The three-judge bench held that “forest approval cannot be granted to a developmental project without the decision of the gram sabhas, taken after proper consideration and in a duly convened gram sabha and passed by resolution”. On December 14, the FRA division of the Tribal Affairs Ministry, giving its comments on the issue of delinking the FCA from the process of recognition and vesting of forest rights under the FRA, said there was an “organic linkage between the two statutes which aim at conservation of forests while ensuring sustainable development… in accordance with these provisions, the village community or the gram sabha is to ensure that the community forest resources are protected…. The gram sabha is empowered to ensure that the decisions of the gram sabha to stop activities which adversely affect the wildlife, forests and biodiversity are complied with.”

The Ministry of Tribal Affairs also pointed out that “the forest land in question, when proposed to be diverted for a non-forest purpose, is the same forest land in which forest rights may be subsisting. Therefore, a decision for diversion of forest land prior to a rights recognition process would negate both letter and spirit of the FRA and thereby the law fails.”

The note pointed out two more instances where the FRA had not been complied with: one, the Thoubal Multipurpose Project in Manipur and, two, the 97-megawatt Tashiding Hydel Project in west Sikkim where the High Court brought the project to a halt. It had been acknowledged, it said, that there was a need to make the FRA harmonious with other related laws such as the Land Acquisition Act (Right to Fair Compensation and Transparency in Land Acquisition, Rehabilitation and Resettlement Act, 2013) and the Mines and Minerals (Development and Regulation) Act, 1957, both laws that reiterated the special protections under the FRA.

The Ministry of Tribal Affairs also pointed to the tardy implementation of the FRA in several States. The larger point was that the FRA was not an impediment to projects. On the issue of fixing of timelines for vesting and recognition of forest rights, the Environment Ministry’s note said no timeline had been fixed under the FRA though the Ministry had written to State governments to expedite the process of recognition and vesting of rights. It said the “vesting and recognition of forest rights under the FRA required careful and critical consideration by the gram sabha” and that undue haste in the implementation of the FRA could lead to perpetuation of the historical injustice against forest dwellers or dubious claimants getting recognition and rights. In areas affected by left-wing extremism, it said that “putting timelines may further alienate communities in these areas”, and that since 2009, a large number of projects had been given forest clearance with no evidence to show that the recognition of rights under the FRA had caused any delay in such clearances.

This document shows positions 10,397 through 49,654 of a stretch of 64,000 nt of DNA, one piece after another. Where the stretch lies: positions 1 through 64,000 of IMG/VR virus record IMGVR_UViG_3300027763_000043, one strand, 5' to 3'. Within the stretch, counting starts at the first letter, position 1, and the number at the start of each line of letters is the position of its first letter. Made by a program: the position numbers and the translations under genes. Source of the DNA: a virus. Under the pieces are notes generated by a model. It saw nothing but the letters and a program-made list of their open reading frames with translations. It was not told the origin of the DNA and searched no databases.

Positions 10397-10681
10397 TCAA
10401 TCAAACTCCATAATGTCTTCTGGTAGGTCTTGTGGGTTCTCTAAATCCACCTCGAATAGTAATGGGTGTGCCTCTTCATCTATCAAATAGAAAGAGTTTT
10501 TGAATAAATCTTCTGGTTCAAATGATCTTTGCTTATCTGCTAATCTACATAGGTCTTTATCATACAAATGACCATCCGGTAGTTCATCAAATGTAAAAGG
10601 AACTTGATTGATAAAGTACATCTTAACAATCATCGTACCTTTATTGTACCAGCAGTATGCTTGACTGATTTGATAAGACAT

No provision for exemptions

On the issue of exemption from completion of the rights recognition process in areas where there were no forest dwellers, the Ministry of Tribal Affairs stated that “there was no room for any executive authority under the GOI to provide any exemption to any class of persons, any kind of forest right, any kind of forest land or any category of project from the application of the FRA”, adding that any such order would be in violation of the FRA since there was no provision in the Act for exemptions. It also needed to be established that the population of such villages did not qualify as claimants under the FRA and that the gram sabha was the only authority to certify this. It added that even where there were no S.T. populations and in forest lands which previously had no forest cover, such as plantations along roads and canals in Punjab and Haryana, the Environment Ministry could conclude that there were no eligible claimants under the FRA on the basis of available records, and yet “this could not be construed as an exemption from the operation but an evidence-based decision-making”.

Clearance from gram sabhas was important in areas where underground mining was in progress. The Tribal Affairs Ministry’s note observed that even where such mining was allowed, the process of recognition and vesting of forest rights under the FRA needed to be completed lest such mining resulted in damage to forest rights and required relocation and compensation to forest rights holders.

It said that there was documented evidence to show that underground coal mining in the Jharia coal fields in Bihar had caused damage to aquifers and other hydrogeological formations. It pointed out that previously the Environment Ministry had issued advisories pertaining to the exemption from the FCA for renewal of mining leases, prospective mining and cutting of trees where exemption was also given from completing the process of recognition and vesting of rights under the FRA.